Last Thursday, the Fair Work Commission announced a cut to Sunday penalty rates for the retail, pharmacy and hospitality industries. Casual workers are unaffected, but full- and part-time employees in those areas will see their Sunday and public holiday pay drop.
Below the cut: more information, and action points.
This is, put simply, unmitigated bastardry. The argument goes that Sunday is no longer considered a holy day of rest, and that businesses can’t afford to pay extra for staff to work on those days.
But that’s nonsense. Sure, Sunday is no longer the day “everyone” goes to church and no one is allowed to buy alcohol or play footy, but it’s still the day that most workers can depend on having to themselves. It’s still a day of rest — that’s how there are so many people with enough free time to drive demand for Sunday brunch and Sunday arvo grocery shopping and all that! And that’s why we pay people a higher rate to work on Sundays instead of having that time to themselves!
As for the business argument, well, you know, my heart bleeds for these poor people who are forced to open businesses, no doubt against their will, when they can’t even afford to run them.
I think there’s this idea in the community — certainly in the law-making community — that people work in service industries for “fun” money, that they’re teens or students, or that they’re working part-time to top up a (male) partner’s full-time income. (See also: decisions about Centrelink payments based on the assumption that university students have parents who can and will support them into their mid-twenties.)
Of course, the reality is that, for a lot of workers, their retail or pharmacy or hospitality jobs are their entire means of support — and earning a higher rate on Sundays means that, even if they don’t get that day of rest, time to be with friends and family who don’t work weekends, they can at least earn a day’s wage in a shorter amount of time.
“Guess what! You can work longer hours but for the same amount of money!”
It’s not a winning argument.
And this is without getting into the issue of cutting penalty rates for public holidays! How do you even justify that? This is Australia — public holidays are sacred.
(Back when I was a starving student working in a bakery, I had to choose between working on Good Friday, the second most sacred day in the Catholic calendar, or not getting any hours that week. Good times. Good times.)
Here are some other opinions on this decision, some of which have the weight of actual statistics and researched facts behind them, instead of Experience And Also Stuff I’ve Picked Up While Reading.
What You Can Do
The good news is, this isn’t yet set in stone — Parliament can override the FWC’s decision. So it’s time to pick up the phone and get in contact with your Federal MP again!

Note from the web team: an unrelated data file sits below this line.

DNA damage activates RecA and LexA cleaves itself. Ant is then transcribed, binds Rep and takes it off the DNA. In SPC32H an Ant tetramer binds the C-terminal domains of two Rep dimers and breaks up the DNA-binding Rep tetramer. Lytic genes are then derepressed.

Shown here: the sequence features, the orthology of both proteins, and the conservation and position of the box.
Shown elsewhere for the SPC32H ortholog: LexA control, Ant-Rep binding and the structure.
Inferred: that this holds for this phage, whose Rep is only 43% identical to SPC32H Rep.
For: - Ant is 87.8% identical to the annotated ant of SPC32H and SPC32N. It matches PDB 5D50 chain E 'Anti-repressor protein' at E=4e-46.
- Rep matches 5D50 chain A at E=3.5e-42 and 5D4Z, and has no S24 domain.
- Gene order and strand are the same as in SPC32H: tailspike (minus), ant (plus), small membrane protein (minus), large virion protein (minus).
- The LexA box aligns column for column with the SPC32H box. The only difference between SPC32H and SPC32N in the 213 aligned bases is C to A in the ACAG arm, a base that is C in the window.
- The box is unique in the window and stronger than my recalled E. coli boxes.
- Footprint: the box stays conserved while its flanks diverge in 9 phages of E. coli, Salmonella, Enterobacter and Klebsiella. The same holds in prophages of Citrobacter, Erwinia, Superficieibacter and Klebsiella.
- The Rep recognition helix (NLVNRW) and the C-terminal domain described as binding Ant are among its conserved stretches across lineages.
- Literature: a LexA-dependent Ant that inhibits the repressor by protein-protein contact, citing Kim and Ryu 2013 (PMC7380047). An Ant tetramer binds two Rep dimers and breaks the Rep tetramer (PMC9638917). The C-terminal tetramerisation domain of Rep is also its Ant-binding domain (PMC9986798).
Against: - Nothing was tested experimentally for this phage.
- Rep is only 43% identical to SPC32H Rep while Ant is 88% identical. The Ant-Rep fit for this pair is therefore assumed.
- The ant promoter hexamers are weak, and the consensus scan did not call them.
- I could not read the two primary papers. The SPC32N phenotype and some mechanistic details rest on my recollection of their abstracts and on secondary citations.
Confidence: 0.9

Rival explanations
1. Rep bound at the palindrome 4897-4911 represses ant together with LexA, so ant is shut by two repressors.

If you live in an electorate with a Greens MP (you lucky Melbunnie, you), call up Adam’s office and just say how much you love his work.
If you live in an electorate with a Labor MP, a possible script:
“Good morning, my name is Bandicoot E. Quokka, and I live in the electorate of Banksia Billabong. In light of the Fair Work Commission’s recent attempts to cut penalty rates on weekends, I’d like to offer my support to the campaign to oppose these cuts, and to introduce legislation to do so. Weekend workers deserve compensation for weekend work.”
If your electorate is stuck with a LNP MP, and you are not currently a worker impacted by penalty rates, a possible script:
“Good morning, my name is Pangolin A. Porcupine, and I live in the electorate of Cephalopodia. In light of the Fair Work Commission’s recent attempts to cut penalty rates on weekends, I’d like to register my disapproval. I am not a weekend worker, in fact am in the penguin industry, but hospitality and retail workers are some of the lowest paid Australians, and I support their ability to earn slightly more money on weekends in order to support themselves. It is unfair to expect them to work on Sundays, when their families might be like mine, who work during the week, and not compensate them for it. Additionally, it will keep them happy, and happy workers mean happy small business. Unhappy weekend workers might just stop working weekends, and that would create bigger problems for small businesses.”
(An alternative point to make is that, if workers are earning less, they will also be spending less. Which is also bad for small businesses.)
If you are stuck with a LNP MP and you ARE currently a worker impacted by penalty rates:
“Good morning, my name is Pangolin A. Porcupine, and I live in the electorate of Cephalopodia. In light of the Fair Work Commission’s recent attempts to cut penalty rates on weekends, I’d like to register my disapproval. I am a weekend worker in [industry], and the advantage of working weekends, when I could be spending precious time with my family, is that I can make more money to make up for the time I miss with them. Changes to penalty rates will make me question my need to work weekends/make it difficult to make ends meet, and I will definitely be considering which party supports working Australians at the next election.”
Actions around calling your Senators will come later, but you can use these scripts there, too.
Also you can sign this petition: Weekend workers don’t deserve a pay cut – protect our penalty rates
What Does Your Government Think
And Tanya Plibersek has definitely shared her position: Women Will Suffer Most From The Penalty Rate Cuts
The LNP definitely wants to cut penalty rates, the jerks.
The Greens are opposed to cuts to penalty rates. You can read their stance here.
Statement from NUS